Brown has been governor since February 2015. It’s time to stop blaming everybody but herself and fellow Democratic governors for the fiasco at the Employment Department.

Addendum:

Oregon leaders squandered years on jobless benefits computer upgrade. Now the project’s future is again in doubt, by Mike Rogoway, The Oregonian/OregonLive, May 19, 2021.

Guest Opinion: Gov. Brown’s Covid-19 Emergency Declaration is Unconstitutional

NOTE: On May 18, 2020 a Baker County, OR judge invalidated the governor’s restrictions on businesses and social gatherings, along with every other executive order Brown has issued under a state of emergency she ordered due to the COVID-19 pandemic. https://bit.ly/3dYTwM6

By Glen Wagner   GWagnersmall

 

One thing I have not seen addressed enough in regards to Oregon Governor Brown’s actions related to the COVID-19 situation is the literal unconstitutionality and illegal nature of her Emergency Declaration or her blatant continued violation of the constraints placed on her from the Oregon Constitution.

Willamette University professor Paul Diller has bloggedabout the matter, arguing that Brown’s emergency orders should have an expiration date, and Willamette Week has written about his argument, but that’s it.

In my view,  a basic reading of Section 6.1 of Article X-A of the Oregon Constitution (found at https://www.oregonlegislature.gov/bills_laws/Pages/OrConst.aspx) clearly states that emergency powers shall not extend beyond 30 days from the time of proclamation, after which the articles will expire.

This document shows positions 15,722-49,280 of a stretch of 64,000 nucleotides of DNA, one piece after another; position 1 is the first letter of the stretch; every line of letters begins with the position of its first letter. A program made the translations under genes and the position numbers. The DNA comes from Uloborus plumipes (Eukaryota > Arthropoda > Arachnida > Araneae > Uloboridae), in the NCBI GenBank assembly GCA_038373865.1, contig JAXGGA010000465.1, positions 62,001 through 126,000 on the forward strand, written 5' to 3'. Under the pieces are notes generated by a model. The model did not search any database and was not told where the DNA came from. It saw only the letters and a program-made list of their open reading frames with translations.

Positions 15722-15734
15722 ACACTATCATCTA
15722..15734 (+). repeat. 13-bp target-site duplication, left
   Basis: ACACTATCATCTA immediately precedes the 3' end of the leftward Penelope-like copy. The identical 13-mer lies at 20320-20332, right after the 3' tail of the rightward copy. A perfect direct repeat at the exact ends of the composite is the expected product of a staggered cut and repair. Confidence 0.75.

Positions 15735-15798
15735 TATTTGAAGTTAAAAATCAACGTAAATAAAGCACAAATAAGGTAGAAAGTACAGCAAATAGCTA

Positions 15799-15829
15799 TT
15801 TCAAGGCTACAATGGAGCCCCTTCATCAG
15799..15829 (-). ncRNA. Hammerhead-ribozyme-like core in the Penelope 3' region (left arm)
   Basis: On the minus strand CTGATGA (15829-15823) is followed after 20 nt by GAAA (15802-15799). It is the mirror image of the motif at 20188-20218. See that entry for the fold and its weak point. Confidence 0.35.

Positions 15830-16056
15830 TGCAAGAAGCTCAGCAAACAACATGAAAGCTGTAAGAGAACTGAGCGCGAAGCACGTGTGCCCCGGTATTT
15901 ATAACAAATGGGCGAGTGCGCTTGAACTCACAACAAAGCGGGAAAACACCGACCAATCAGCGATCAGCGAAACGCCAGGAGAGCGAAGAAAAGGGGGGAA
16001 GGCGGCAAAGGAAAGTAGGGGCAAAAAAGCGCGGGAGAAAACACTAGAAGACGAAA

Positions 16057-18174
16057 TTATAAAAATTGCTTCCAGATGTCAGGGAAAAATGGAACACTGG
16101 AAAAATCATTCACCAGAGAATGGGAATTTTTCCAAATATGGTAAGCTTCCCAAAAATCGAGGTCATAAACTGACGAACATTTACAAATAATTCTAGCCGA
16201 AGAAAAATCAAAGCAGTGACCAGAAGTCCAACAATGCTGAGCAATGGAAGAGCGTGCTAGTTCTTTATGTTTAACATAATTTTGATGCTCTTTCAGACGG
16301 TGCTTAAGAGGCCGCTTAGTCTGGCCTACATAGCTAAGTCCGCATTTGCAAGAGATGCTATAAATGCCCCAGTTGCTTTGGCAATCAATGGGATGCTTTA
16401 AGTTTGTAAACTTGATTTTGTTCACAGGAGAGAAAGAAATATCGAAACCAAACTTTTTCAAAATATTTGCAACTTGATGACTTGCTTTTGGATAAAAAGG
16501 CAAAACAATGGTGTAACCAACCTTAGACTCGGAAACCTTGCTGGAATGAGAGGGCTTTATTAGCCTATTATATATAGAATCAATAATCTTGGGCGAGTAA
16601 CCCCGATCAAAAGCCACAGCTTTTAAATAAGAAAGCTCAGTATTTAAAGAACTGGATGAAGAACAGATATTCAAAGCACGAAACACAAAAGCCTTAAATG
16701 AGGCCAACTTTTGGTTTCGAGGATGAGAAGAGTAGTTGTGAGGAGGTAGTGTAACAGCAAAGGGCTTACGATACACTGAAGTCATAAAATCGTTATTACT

Section 6.2 of Article X-A says that a 3/5 approval of the Legislative Assembly is required to extend the date beyond 30 days. Section 6.5 of Article X-A says that the Governor cannot issue a second proclamation for the same emergency.

Gov. Brown declared the COVID-19 emergency on March 8th. Per the Oregon Constitution, the emergency legally ended on April 8th. As far as I know, the Legislative Assembly did not vote to approve a time extension. Therefore, any of the Governor’s current actions justified by this emergency declaration are fundamentally unconstitutional.

Gov. Brown’s Emergency Declaration states it is to last 60-days. The declaration itself is in violation of Section 6.1 of Article X-A in the state constitution.

The governor’s Emergency Declaration further claims the 60-day term “can be extended or terminated by the Governor”. Per ORS 401.204 the Governor (or the Legislature) can terminate the emergency, but it does NOT give the Governor the authority to extend it. Article X-A Section 6.2 makes it clear ONLY the Legislative Assembly can do this.